Improved outcomes with surgery vs. medical therapy in non-thymomatous myesthenia gravis: a perspective on the results of a randomized trial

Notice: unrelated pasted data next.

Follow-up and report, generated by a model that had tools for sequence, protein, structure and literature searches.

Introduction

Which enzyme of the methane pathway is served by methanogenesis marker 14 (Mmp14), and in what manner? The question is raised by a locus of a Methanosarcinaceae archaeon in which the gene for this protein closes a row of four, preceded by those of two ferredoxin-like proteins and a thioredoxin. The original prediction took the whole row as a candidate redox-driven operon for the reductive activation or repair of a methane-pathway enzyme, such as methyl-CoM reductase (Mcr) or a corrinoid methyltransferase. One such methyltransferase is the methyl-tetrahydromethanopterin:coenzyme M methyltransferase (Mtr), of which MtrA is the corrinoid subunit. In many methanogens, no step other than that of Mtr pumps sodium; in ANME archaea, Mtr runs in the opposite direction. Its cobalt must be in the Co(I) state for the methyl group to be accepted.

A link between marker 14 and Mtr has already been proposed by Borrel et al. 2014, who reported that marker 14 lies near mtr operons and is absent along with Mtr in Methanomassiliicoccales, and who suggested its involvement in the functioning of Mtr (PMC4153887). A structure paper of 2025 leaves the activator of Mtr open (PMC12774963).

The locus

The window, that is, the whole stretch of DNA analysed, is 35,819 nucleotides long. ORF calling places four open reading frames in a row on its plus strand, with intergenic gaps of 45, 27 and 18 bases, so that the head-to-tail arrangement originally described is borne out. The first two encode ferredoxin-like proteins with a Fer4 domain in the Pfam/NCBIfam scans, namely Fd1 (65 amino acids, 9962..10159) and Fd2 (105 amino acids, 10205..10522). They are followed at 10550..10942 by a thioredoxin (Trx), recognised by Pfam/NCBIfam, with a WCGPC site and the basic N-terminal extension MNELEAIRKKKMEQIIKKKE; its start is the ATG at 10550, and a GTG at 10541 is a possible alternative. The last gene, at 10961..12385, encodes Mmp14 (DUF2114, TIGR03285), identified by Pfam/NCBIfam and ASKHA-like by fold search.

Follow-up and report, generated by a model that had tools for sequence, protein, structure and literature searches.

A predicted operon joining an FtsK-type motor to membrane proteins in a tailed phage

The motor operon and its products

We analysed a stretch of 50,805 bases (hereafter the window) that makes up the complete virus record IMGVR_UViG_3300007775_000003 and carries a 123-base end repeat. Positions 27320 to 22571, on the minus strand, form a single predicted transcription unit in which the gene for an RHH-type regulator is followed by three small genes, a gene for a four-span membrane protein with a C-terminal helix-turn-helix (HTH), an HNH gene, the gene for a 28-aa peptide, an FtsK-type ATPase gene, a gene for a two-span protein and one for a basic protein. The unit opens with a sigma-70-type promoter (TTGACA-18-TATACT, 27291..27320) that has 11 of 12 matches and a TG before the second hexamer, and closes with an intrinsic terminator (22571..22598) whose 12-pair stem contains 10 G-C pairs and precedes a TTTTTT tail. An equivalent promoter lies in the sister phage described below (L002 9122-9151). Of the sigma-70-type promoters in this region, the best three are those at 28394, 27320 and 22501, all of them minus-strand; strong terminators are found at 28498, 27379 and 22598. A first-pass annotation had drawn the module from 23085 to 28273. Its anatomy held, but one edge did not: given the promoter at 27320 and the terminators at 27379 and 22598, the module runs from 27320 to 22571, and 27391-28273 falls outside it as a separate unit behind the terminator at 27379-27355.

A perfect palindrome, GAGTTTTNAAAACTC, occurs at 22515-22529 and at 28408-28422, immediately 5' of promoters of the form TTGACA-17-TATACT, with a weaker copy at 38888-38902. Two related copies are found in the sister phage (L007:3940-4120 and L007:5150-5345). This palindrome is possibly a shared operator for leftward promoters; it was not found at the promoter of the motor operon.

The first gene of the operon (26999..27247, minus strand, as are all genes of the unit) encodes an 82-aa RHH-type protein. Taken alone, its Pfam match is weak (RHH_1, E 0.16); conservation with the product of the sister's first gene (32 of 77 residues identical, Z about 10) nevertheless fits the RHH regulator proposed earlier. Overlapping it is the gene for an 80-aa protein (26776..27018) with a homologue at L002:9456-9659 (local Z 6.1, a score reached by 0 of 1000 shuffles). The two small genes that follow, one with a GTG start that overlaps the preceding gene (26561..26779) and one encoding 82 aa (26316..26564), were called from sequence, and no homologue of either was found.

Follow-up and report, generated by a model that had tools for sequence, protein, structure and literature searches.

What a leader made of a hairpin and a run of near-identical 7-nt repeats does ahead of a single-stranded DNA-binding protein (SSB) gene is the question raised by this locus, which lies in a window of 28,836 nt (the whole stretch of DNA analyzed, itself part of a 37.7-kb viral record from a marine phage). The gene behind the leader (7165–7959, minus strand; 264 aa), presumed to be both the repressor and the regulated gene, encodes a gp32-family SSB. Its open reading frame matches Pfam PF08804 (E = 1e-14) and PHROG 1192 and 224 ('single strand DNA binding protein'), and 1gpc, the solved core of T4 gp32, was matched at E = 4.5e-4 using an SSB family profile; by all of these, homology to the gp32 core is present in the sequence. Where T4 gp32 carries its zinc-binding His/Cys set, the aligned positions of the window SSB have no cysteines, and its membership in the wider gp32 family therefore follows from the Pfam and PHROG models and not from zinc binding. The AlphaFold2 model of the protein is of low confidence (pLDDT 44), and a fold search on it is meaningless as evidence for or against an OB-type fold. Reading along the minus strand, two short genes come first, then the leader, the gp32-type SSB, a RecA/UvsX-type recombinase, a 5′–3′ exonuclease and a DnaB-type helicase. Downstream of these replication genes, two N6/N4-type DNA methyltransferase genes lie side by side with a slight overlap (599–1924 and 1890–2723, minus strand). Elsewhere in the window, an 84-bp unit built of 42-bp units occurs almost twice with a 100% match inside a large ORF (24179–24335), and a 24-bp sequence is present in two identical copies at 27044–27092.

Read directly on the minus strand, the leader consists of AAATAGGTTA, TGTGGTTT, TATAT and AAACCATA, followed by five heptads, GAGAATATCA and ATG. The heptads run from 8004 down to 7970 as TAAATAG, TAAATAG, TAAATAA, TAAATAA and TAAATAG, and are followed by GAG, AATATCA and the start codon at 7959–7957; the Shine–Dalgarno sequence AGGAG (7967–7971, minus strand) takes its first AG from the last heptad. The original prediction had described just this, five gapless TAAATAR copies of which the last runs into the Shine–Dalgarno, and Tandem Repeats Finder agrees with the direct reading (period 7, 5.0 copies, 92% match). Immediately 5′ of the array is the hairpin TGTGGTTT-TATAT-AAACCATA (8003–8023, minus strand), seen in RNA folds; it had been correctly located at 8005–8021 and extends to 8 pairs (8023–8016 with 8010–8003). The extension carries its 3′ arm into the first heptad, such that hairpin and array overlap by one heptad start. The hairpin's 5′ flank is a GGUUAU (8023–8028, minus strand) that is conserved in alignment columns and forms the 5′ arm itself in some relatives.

Myasthenia gravis can be a debilitating neurological disorder that affects thousands worldwide. Thymectomy has historically been considered in patients refractory to medical therapy or with concurrent thymoma. While retrospective data and propensity matched trials have favored thymectomy in order to decrease disease severity and disease associated morbidity, no randomized data existed to clearly delineate the benefit of this practice. The reviewed paper by Wolfe et al. represents the first high-level randomized prospective study investigating the role of thymectomy in patients with non-thymomatous myasthenia gravis. In a subset of antibody positive patients undergoing thymectomy within 5 years of disease onset, the study demonstrated a decrease in steroid use, hospitalization and overall disease severity compared to patients receiving best medical therapy alone. This work provides a sound evidence-based foundation to strongly consider thymectomy early in the disease process, and possibly for expanded indications. Additionally, the onus lies on surgeons to identify the most efficacious and least morbid approaches to these operations, whether they be open, minimally invasive, robotic, or otherwise.